Hitler’s American Model by Yale Law School professor James Whitman is a 220-page bombshell. This reading should be compulsory in all high schools. It tells the story of how German lawyers studied American law, culture, and history to develop the legal foundations of German fascism.
There is only one hero in this book, Louis B. Brodsky, a Jewish magistrate in Manhattan. On September 6, 1935, he ordered the release of five anti-fascist rioters who had been part of a thousand-strong American mob who had torn down a swastika flag on the German liner. SS Bremen. A lowly judge who usually handled bail hearings and night courts, Brodsky wrote a fiery opinion calling Nazism a “revolt against civilization” and the swastika flag a “black flag of piracy.”
A diplomatic crisis ensues. The US State Department sent a note of regret to Berlin that “the German national emblem” had not been respected”. Hitler, seizing on the incident, announced that the swastika flag and the laws on the blood and citizenship would be passed at the “freedom party rally” nine days later.
Known as the Nuremberg Laws, these laws dealt with citizenship, sex and reproduction. The lawyers who wrote them were determined to establish a regime based on definitive racial categories and to prevent intermarriage between Jews and “Aryans”.
In the 1930s, they found many legal precedents in the United States. Thirty states had anti-miscegenation laws. In fact, the United States has been at the forefront of creating de jure and de facto second-class citizenship for blacks, Filipinos, Chinese, Japanese, Puerto Ricans and others. of color and ethnic groups. And he was admired in Germany as an innovative world leader in white supremacy and “Nordic” conquest.
Reading Whitman’s book, we learn that Hitler sat in prison and dictated Mein Kampf to Rudolph Hess when Congress passed the Immigration Act of 1924. The act set out preferences for northern Europeans, restrictions for people from southern and eastern Europe, and prohibitions for everyone else . Hitler praised this development: “The racially pure and still unmixed German has risen to become the master of the American continent and will remain so until he falls victim to racial pollution”, writes- he.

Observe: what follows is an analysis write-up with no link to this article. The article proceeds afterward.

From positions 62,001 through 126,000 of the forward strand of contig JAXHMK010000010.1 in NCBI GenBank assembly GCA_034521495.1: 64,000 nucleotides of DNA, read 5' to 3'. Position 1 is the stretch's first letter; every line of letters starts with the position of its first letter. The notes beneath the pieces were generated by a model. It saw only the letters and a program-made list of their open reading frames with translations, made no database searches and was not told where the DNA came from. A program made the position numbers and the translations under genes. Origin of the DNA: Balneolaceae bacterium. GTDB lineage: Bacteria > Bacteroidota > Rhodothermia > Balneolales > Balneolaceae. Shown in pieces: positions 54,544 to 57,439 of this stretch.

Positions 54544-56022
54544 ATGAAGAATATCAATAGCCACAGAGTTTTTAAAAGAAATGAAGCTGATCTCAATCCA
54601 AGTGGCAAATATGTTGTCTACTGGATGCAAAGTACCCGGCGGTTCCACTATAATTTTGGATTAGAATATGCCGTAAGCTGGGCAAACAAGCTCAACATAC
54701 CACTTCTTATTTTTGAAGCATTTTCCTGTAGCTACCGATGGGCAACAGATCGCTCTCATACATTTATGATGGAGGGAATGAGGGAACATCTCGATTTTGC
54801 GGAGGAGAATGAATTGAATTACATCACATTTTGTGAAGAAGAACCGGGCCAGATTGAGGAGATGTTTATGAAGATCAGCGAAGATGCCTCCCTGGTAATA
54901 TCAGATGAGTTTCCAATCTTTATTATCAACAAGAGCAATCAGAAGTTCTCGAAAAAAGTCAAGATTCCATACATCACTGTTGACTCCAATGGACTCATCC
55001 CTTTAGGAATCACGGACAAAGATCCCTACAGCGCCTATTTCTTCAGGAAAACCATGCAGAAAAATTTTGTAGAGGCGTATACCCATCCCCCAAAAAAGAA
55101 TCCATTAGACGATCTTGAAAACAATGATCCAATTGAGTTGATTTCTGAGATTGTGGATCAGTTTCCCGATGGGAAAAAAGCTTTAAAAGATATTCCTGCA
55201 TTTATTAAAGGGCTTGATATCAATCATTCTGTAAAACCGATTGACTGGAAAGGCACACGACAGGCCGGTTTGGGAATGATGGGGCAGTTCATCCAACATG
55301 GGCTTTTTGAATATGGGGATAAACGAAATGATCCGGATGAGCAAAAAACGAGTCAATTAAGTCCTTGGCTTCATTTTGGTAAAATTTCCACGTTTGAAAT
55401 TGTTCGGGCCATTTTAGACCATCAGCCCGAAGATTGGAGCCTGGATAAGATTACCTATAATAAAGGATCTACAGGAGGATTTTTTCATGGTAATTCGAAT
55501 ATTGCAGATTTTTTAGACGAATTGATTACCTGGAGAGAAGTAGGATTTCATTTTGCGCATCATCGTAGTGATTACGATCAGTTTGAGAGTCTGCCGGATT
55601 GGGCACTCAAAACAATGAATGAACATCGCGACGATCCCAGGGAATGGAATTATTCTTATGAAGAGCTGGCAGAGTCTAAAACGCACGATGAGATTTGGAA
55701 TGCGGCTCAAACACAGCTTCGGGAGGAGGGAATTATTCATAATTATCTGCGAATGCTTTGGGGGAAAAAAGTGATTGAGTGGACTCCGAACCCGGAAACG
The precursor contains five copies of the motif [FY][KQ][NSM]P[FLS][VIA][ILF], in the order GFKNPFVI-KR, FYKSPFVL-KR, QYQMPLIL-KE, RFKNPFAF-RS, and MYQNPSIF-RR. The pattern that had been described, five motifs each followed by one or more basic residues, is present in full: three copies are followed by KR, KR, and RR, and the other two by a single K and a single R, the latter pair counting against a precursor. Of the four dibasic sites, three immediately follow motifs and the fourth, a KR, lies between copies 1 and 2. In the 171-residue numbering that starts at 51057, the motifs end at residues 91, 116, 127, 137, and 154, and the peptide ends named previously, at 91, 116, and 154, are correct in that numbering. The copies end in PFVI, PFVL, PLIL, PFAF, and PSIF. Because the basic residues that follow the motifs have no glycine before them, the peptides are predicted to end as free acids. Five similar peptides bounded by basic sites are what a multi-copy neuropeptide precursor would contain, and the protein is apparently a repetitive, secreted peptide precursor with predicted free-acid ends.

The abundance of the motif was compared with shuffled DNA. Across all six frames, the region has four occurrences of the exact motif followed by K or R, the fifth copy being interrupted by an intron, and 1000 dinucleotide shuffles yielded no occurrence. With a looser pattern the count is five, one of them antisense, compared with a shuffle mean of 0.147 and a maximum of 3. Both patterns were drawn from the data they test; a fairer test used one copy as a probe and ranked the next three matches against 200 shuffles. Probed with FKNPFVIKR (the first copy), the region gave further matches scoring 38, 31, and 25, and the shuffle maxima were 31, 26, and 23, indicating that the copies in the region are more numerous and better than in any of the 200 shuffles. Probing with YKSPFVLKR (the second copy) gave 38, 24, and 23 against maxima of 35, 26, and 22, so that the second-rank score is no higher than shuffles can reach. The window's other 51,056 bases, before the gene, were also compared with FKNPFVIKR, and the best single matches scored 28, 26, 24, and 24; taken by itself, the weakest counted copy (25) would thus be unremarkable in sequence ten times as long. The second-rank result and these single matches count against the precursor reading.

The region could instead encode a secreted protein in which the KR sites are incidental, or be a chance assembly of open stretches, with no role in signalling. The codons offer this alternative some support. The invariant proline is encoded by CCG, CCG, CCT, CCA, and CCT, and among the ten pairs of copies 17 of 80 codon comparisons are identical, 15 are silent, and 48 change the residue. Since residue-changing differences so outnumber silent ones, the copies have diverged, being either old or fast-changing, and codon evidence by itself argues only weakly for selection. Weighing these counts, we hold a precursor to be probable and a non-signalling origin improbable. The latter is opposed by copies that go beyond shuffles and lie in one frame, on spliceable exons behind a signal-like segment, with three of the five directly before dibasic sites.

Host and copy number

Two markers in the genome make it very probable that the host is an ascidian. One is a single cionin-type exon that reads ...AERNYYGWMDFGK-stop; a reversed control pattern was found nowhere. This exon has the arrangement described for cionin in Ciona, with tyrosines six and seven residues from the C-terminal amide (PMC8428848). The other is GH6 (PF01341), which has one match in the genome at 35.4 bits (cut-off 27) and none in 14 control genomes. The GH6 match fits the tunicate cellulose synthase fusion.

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Harry Laughlin, an influential American eugenicist who served as an expert adviser to Congress on immigration, hailed the 1924 law as a political breakthrough in embracing “scientific” racism. He was not alone. During the 1930s, American lawyer Madison Grant promoted the sterilization of people with mental and physical disabilities while engaging in a friendly back-and-forth with German eugenicists dedicated to creating the “race of masters”. A grotesque German law that allowed the killing of “useless eaters” – the terminally ill, the elderly, and people with various physical and mental conditions – was the work of these despicable eugenicists.
Whitman writes that the Jim Crow South and segregation attracted the interest of Nazi legal experts, but after debating the pros and cons, they concluded that simply separating Jews and Gentiles would not work due to the extraordinary economic power of the Jewish community (which they were eager to see). get your hands on it).
Instead, they focused on Western expansion and the genocide of Native Americans as a model for their own ambition to conquer Eastern Europe, subjugate its citizens, and force all Jews into “reservations”. (which in practice became concentration camps).
As early as 1928, Hitler was giving speeches glorifying how the Americans had “culled the millions of Redskins down to a few hundred thousand and now kept the lowly remnant under observation in a cage”.
Surprisingly, German lawyers felt that the United States had gone too far in making “a drop of blood” (or a black ancestor) the legal standard for defining who is African American. According to the Nuremberg Law, it took three Jewish grandparents to qualify as a Jew. And finally, they decided not to criminalize miscegenation.
But if you still think fascism is “un-American,” read this book. It’s as American as apple pie and now, forced motherhood.